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Four pedals on Clara Schumann's pianoforte?
Probably Edna knows it, maybe also somebody else in this THINQon network. I always wondered why the picture on the old 100-DM notes (German mark) with Clara Schumann on the frontside had a pianoforte with four (!) pedals on the backside. Does anyone know something about the function of the four pedals?



The picture is taken from http://de.wikipedia.org/wiki/Deutsche_Mark.
Interesting question. I don't have a theory about the pedals, but I wonder what the five tuning forks are doing on the right-hand side?
There were many different kinds of pianos in the 19th century, some with 2 and some with 4 or even more pedals. About these fours pedals, I assume that one pedal is for resonance-to hold the dampers up like today, one would be una corda (also like today, where the piano plays just one string), one could be celesta- even softer than una corda, and one could be the imitation of fagot- a different sound, much louder.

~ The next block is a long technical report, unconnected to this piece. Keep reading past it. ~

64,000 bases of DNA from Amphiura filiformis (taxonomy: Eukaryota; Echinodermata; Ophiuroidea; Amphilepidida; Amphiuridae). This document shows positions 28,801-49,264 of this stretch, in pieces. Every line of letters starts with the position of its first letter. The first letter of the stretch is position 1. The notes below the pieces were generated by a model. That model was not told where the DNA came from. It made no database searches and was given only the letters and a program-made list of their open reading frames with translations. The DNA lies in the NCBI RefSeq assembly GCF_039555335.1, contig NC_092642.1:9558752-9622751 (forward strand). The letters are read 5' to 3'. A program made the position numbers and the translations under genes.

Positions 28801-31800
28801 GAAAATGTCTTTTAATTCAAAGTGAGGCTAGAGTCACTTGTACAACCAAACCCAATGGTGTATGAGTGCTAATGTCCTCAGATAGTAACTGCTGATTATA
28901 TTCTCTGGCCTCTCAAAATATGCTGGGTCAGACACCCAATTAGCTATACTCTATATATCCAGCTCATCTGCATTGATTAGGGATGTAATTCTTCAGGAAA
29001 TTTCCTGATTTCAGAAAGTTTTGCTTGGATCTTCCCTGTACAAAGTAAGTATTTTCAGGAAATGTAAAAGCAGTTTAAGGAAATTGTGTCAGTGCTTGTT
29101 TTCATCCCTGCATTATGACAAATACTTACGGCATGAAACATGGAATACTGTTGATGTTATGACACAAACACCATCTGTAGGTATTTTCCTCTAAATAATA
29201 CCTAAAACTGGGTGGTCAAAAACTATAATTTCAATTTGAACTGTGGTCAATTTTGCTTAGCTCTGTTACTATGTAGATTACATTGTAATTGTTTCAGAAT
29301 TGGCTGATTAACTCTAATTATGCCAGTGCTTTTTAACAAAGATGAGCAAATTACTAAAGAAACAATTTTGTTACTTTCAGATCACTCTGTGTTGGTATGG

The pedals could be compared to the different registers of the organ in that they completely change the colour of the instrument. They were therefore used differently, not like we do today-which is all the time using a bit of both when we want more piano or more resonance, but more by sections. For example in variations pieces, each variation could be characterized by a different pedaling, offering another sound and atmosphere.

I have no idea about the tuning fork, but it could also be to show the multiplicity of tunings. Today all pianos are tuned at 440 (or 442?) Herz,, while at that time there were a few possibilities.
I'm back to this question of why 4 pedals on a piano, after having practiced Friday morning at the RCM - where I teach - on a wonderful Viennese pianoforte from the beginning of 19th century. This one had 5 pedals of which one damper, one fagot and no less than three pedals whose function was to make the sound softer. It seems that a lot of research at that time concentrated on making the pianos play all shades of pianissimi (soft sounds). Today it is a well known fact that piano manufactures are concentrating on making the instruments sound as loud as they can.

The reason for these different kinds of developments is the close connection between the composers, interpreters and their influence on the manufacturing companies. Thus Chopin had a great collaboration with Pleyel, many of Liszt's pieces absolutely required the double escape mechanism invented by Erard, and Schubert's intimate music was written exactly for those pianoforte's with the multiple softening pedals.
For French speakers, here is a funny video on the subject:


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